and seven cups of wine

promised me promised me

that she’d be mine

blue-her-too-2 Read the rest of this entry »

Angel by Eileen Sheehan

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He said, I am old and

everything has a bitter 

taint and besides

I have only these oddments

to offer; things broken, 

unfinished, unused and I’m not even 

sure why it is that I’ve 

kept them so long.

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But she saw how his body

radiated light and he carried

not just a jumble of wheels,

coils, springs but the very

ones she’d been needing to

mend the faltering

mechanisms of her heart.

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vwx

And his eyes were pure

as a child’s

and she knew

xyz

from that moment on

she was his

entirely

ii

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Eileen Sheehan is from Killarney, Ireland. Her collections are Song of the Midnight Fox and Down the Sunlit Hall (Doghouse Books). Angel was first published in THE SHOp: A Magazine of Poetry (ed John and Hilary Wakeman).

dd

I found this love poem very moving, beautiful and rooted in reality. I was intrigued by deeply felt emotions relating to the word ‘Angel.’ The air and thought around the word Angel called for earth and water, both surface and interior, to flesh out the wishes and realizations being expressed and conceptualized. To create several of these images I remixed a photo of waves crashing onto a beach in California uploaded by user Tewy on Wikipedia Commons: http://creativecommons.org/licenses/by/2.5/deed.en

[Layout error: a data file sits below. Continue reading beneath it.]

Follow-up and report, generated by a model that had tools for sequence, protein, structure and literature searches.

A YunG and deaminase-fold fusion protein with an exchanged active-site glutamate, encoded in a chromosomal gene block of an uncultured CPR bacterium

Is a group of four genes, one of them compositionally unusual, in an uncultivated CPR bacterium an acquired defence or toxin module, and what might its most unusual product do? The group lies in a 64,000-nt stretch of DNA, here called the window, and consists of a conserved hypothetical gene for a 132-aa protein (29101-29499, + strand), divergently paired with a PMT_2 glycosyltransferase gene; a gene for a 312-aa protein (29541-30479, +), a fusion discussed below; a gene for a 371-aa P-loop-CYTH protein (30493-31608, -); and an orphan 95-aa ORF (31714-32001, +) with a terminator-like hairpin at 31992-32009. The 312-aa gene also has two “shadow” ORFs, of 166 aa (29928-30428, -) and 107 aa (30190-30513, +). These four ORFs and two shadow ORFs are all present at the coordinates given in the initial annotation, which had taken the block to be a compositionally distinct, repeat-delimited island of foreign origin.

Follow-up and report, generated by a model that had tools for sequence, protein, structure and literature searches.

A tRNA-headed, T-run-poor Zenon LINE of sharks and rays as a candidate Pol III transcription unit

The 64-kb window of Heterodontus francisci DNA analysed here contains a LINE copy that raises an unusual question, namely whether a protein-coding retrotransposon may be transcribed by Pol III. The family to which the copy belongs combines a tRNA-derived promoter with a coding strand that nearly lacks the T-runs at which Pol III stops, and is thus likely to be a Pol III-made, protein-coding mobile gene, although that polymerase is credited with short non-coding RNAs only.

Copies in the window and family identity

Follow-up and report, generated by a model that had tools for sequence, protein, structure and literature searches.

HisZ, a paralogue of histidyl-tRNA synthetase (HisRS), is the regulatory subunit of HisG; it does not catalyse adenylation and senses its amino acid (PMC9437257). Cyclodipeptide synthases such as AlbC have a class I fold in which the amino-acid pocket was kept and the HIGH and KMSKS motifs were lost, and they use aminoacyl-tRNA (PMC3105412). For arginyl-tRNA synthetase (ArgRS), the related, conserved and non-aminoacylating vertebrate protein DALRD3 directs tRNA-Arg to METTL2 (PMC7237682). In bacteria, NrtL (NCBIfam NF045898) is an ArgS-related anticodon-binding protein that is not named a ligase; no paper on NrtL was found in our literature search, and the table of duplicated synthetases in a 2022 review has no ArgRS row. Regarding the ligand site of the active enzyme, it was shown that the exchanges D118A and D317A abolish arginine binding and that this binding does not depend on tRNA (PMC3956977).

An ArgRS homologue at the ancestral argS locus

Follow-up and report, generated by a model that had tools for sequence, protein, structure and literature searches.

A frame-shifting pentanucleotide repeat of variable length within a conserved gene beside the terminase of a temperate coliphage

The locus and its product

Fragments…traces… of a mathematical formula by Nikolaos Manolopulos appear ever so faintly, unknowable, perhaps in three images, from my first gestures integrating Wikipedia Commons material with my ink drawing.

 

Lough Ree by Colin Carberry

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blu flame

A trout flares at dusk,
silver scales
in the heron’s ears.

blueish a

new blue

Colin Carberry is an Irish-Canadian poet and translator and the director of the Linares International Literary Festival (Mexico).

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I am struck, reading this haiku, by the heron hearing silver scales. I imagine sunset splashing chaotically on thin, reflective surfaces and the heron’s acute sensors turning and tuning. I remember summers (it seems long ago) driving cross-country, through the night, listening to the radio. Car radios were manually operated. With your free hand you would find the spot where there was no static, bringing in the station clearly. Adjusting the dial frequently to receive the perfect reception. Ambient static would slowly creep back in and you would fine tune again listening carefully. Though, unlike the heron, your aim was enjoyment not survival. Surely our ancestors knew the life and sounds of water, within and without, like a heron. The poet, crafting this poem, brings us to the edge of our deepest memories.

A Coat by William Butler Yeats


I MADE my song a coat
Covered with embroideries
Out of old mythologies
From heel to throat;
But the fools caught it,
Wore it in the world’s eyes
As though they’d wrought it.
Song, let them take it,
For there’s more enterprise
In walking naked.